Seminar given to the Redwood Center for Theoretical Neuroscience at UC-Berkeley on March 6, 2008. Speaker is Peter Robinson of the Brain Dynamics Center, Westmead Millenium Institute, Westmead Hospital and Faculty of Medicine, University of Sydney.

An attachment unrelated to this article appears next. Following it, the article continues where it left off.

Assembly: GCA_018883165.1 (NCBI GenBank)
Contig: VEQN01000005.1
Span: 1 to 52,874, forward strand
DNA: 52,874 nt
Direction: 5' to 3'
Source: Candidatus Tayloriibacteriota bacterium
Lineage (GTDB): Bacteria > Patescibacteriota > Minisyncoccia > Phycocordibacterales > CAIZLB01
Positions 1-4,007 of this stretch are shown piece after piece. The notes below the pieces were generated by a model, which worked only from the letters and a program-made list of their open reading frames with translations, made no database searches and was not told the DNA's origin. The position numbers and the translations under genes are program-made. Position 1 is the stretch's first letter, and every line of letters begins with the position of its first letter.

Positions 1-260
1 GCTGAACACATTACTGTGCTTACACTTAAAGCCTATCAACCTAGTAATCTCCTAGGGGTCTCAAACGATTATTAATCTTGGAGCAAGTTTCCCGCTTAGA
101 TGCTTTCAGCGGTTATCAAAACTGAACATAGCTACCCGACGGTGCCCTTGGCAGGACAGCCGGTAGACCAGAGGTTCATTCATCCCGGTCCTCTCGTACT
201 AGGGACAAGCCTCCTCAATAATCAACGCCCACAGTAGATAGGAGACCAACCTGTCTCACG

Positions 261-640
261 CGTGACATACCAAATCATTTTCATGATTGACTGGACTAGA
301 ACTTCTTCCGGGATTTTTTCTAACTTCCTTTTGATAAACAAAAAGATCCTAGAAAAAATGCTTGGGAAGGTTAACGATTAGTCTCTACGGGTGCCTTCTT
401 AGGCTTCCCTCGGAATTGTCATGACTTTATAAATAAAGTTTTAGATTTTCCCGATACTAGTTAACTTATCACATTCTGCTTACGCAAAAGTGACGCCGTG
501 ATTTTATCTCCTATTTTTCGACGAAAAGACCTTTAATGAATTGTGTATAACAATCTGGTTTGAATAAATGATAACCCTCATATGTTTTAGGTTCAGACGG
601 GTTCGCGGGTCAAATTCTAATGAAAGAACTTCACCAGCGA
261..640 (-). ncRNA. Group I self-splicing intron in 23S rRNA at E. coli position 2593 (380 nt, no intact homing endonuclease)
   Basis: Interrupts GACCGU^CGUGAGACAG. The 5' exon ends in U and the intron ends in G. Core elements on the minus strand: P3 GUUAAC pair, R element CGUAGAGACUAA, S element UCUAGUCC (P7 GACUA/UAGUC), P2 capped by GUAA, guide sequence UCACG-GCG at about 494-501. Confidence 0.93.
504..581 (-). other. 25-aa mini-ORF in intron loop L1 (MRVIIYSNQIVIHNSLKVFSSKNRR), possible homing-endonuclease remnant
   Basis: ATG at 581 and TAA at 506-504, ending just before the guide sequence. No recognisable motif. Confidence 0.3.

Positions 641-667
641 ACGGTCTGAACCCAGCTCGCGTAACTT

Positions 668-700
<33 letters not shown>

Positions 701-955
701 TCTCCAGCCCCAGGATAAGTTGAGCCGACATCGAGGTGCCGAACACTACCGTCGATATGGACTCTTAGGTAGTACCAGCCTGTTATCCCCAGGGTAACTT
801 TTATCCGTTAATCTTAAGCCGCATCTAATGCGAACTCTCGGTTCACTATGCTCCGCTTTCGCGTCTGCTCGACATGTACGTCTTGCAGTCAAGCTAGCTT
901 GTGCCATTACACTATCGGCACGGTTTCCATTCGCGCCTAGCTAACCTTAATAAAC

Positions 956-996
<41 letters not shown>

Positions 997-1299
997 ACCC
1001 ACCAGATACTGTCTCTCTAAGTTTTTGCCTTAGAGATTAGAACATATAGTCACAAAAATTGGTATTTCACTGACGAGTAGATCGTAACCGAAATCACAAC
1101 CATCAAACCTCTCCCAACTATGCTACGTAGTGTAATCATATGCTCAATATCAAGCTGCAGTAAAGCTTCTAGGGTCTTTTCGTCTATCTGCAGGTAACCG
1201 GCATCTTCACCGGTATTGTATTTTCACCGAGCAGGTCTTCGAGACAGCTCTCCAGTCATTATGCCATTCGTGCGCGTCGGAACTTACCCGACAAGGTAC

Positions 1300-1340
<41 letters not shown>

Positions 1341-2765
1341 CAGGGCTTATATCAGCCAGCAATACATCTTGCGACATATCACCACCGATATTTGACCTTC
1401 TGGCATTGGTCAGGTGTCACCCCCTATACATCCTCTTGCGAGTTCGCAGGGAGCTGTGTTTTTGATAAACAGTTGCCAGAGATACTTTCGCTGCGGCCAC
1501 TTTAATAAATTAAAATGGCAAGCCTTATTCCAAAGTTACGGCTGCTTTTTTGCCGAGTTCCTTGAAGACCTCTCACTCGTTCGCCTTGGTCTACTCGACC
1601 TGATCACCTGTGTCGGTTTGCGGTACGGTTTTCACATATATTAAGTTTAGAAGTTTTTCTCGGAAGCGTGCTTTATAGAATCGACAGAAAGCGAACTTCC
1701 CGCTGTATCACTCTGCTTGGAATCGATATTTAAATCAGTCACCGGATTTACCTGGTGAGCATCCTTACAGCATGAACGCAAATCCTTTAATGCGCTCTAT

Neural activity in the brain has been observed for over a century and is widely used to probe brain function and disorders, through the electroencephalogram (EEG), functional MRI, and other measures. However, the connections between stimuli, physiology, processing, and measurements have been chiefly qualitative until recently, and most applications of EEG and fMRI have been based on phenomenological correlations. A quantitative model of brain activity is described that includes key features of physiology and anatomy from microscopic synapses to the whole brain. Its parameters measure quantities such as synaptic strengths, signal delays, cellular time constants, and neural ranges, and are all constrained by independent physiological measurements. The model successfully predicts a wide range of EEG and other phenomena, including time series, spectra, evoked responses to stimuli, seizure dynamics, visual gamma (40 Hz) correlations during perception, measurement effects, arousal dynamics, and pharmacological influences. Fitting to experimental data enables physiological parameters to be inferred in normal and abnormal conditions.